I am a heavy O365 user and have longed wanted to move to Onenote. I have about 2,000 notes. I have tried everything I can think of. Used Windows 10 OneNote. I've used the last OneNote desktop version. I've downloaded Evernote and tried to newest version to export the enex file and i've downloaded the legacy Evernote version. I have adjusted the Enex file to take out the 2nd line as @OldManGeorgementioned, but I continue to get an error. I've signed out of my O365 account, I've signed in, I've disabled sync in evernote, I've tried everything...see screenshot below. If anyone was able to assist me, I can't tell you how much I'd apprecate it. 

Did you ever find a solution to this?  I have done all this (except the removing the 2nd line thing) and I keep getting the error.  I tried exported a notebook that is really just text notes, most very small.  No good at all.  I have used Evernote mostly for document archives of searchable PDFs.  I don't think OneNote is practical for that.  However, I I do have some actual notes in Evernote.  It isn't that much.  Maybe a little over 500.  But, I do want to keep them and I don't really want to manually copy and paste them to OneNote which is what the importer recommends.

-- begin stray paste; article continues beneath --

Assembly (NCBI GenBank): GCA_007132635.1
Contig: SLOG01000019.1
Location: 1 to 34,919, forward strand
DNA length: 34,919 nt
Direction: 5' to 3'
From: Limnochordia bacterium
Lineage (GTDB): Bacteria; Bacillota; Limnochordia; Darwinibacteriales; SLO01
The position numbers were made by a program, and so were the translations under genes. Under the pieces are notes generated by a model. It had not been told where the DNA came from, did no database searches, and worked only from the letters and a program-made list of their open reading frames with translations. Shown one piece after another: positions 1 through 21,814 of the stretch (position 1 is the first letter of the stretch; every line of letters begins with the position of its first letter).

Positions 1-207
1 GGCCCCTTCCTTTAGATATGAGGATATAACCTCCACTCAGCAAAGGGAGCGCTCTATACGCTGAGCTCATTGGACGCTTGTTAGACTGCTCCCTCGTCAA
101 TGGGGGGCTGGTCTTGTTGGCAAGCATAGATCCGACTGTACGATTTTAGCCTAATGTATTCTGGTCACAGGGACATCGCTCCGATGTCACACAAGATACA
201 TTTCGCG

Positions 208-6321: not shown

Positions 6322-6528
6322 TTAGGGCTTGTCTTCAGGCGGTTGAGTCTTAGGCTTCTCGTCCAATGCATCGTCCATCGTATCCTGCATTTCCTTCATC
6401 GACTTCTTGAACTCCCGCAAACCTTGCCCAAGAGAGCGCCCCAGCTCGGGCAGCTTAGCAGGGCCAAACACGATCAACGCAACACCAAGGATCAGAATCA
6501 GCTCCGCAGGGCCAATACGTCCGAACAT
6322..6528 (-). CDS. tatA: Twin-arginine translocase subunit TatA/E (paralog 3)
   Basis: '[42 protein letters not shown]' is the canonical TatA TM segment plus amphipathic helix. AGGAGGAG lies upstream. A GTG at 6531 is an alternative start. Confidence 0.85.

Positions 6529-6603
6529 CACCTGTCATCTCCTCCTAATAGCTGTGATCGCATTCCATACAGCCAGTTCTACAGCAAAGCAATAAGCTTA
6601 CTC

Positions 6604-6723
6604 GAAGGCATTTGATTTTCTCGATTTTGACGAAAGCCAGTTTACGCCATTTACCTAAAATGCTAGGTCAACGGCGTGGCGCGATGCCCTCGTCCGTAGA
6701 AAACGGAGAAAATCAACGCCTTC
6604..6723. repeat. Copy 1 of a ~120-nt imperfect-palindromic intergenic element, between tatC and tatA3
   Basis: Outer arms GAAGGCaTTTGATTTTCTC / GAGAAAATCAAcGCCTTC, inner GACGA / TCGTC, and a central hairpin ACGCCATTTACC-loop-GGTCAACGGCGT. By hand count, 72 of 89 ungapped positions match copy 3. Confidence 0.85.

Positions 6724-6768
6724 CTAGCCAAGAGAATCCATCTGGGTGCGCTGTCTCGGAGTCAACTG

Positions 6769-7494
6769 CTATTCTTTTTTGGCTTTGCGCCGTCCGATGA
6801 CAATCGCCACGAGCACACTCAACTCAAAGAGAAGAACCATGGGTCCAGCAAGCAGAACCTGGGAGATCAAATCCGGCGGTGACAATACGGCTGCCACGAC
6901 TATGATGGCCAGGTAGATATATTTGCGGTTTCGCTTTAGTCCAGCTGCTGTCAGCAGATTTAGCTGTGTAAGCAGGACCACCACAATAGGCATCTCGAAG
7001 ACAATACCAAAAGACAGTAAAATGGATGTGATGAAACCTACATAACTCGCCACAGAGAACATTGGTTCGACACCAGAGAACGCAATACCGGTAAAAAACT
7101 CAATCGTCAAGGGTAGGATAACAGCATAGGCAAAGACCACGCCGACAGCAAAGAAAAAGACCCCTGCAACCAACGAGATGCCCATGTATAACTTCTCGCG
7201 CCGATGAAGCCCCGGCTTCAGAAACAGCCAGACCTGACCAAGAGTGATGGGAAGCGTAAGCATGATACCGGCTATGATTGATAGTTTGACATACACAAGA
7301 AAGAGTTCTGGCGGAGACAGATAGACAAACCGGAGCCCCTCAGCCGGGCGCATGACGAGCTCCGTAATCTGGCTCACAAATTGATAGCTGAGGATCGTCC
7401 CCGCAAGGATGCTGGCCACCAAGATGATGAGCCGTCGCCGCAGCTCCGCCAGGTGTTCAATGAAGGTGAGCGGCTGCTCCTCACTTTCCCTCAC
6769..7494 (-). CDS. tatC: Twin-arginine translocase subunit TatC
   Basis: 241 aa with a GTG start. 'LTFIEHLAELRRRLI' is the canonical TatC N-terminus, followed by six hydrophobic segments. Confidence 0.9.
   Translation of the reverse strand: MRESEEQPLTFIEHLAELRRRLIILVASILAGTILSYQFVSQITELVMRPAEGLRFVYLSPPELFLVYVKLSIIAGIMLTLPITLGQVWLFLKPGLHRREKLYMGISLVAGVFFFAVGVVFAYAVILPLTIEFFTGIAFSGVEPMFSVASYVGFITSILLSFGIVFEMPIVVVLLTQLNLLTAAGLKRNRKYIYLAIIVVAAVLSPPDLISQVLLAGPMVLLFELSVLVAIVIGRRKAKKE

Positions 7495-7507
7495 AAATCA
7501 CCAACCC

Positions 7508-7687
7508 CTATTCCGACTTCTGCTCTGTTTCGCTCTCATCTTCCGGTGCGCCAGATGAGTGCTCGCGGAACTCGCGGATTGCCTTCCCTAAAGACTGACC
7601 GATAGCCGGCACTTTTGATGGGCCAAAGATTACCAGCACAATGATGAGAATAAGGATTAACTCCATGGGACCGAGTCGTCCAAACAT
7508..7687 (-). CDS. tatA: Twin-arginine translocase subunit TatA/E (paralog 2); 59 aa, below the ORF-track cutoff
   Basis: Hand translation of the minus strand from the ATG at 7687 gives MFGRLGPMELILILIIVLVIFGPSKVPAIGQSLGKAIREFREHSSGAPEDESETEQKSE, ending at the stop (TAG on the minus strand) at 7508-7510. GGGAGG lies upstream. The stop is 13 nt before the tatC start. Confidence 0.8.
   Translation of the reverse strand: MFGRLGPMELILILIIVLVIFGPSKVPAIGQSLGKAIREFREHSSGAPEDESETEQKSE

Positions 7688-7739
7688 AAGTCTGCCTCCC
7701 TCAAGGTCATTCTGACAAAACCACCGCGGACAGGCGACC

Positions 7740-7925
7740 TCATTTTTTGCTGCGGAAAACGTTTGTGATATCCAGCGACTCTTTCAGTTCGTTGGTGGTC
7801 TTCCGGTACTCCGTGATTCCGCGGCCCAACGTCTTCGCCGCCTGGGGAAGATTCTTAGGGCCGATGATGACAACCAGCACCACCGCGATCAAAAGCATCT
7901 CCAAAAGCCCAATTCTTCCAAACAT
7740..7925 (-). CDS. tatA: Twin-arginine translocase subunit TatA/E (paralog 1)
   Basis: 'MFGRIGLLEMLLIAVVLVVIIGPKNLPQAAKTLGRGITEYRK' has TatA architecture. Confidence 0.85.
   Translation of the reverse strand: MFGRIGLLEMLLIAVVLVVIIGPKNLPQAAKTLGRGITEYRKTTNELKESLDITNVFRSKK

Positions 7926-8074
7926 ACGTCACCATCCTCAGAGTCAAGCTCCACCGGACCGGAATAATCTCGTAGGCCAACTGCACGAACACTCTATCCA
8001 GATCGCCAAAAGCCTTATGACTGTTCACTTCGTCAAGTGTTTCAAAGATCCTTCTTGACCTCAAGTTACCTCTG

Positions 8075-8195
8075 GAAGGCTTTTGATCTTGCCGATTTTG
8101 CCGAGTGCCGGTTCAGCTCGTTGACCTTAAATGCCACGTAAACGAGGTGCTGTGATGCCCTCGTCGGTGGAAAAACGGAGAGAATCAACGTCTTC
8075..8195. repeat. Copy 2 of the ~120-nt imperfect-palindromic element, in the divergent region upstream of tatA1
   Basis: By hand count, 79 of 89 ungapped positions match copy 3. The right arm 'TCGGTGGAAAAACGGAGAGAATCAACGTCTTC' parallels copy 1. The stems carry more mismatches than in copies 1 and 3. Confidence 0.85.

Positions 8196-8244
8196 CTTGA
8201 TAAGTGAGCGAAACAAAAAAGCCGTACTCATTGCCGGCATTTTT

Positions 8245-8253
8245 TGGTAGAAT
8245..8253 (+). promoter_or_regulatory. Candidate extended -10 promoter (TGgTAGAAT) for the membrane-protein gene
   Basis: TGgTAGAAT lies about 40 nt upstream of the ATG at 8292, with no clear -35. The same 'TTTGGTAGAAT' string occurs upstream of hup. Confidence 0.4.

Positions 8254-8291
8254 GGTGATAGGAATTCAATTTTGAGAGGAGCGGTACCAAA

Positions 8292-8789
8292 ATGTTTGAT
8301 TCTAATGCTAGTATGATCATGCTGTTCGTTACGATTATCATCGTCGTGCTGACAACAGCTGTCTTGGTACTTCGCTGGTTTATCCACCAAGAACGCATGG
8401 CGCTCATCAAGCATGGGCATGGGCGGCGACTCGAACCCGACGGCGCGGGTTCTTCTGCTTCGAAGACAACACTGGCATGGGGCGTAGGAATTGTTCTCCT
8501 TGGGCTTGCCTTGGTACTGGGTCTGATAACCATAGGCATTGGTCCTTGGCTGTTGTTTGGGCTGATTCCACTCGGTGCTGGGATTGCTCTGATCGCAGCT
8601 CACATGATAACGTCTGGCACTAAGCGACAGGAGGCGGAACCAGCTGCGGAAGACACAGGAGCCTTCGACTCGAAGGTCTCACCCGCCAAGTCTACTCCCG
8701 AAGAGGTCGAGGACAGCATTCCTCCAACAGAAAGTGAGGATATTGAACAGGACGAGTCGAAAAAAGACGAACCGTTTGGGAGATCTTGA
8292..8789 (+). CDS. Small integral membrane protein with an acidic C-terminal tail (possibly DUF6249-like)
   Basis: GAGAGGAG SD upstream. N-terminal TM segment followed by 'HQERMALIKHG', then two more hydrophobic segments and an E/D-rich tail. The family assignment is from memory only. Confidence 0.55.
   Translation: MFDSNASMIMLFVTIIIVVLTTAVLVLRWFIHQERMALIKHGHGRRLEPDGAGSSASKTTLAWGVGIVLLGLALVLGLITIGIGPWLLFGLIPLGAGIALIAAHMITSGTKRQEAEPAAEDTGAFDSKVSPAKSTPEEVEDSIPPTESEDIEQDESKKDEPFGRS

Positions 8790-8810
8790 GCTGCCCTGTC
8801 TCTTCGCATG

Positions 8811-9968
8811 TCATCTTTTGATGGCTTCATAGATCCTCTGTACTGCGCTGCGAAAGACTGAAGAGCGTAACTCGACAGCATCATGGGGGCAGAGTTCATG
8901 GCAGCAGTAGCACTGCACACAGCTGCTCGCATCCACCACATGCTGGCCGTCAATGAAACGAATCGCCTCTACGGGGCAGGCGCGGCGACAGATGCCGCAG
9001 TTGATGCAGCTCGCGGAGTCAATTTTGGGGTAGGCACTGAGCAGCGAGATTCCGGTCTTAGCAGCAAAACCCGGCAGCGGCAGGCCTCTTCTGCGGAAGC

Has anyone been able to get the importer to work recently?

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I am having the same problem as Jason above. I was able to successfully import a notebook to Onenote once, deleted the notebook from Onenote (don't ask why), and have been unable to re-import it. I've gone to every synced device and deleted every local copies of the notebook I can find, but still get unexpected error message. Has anybody found a workaround for this?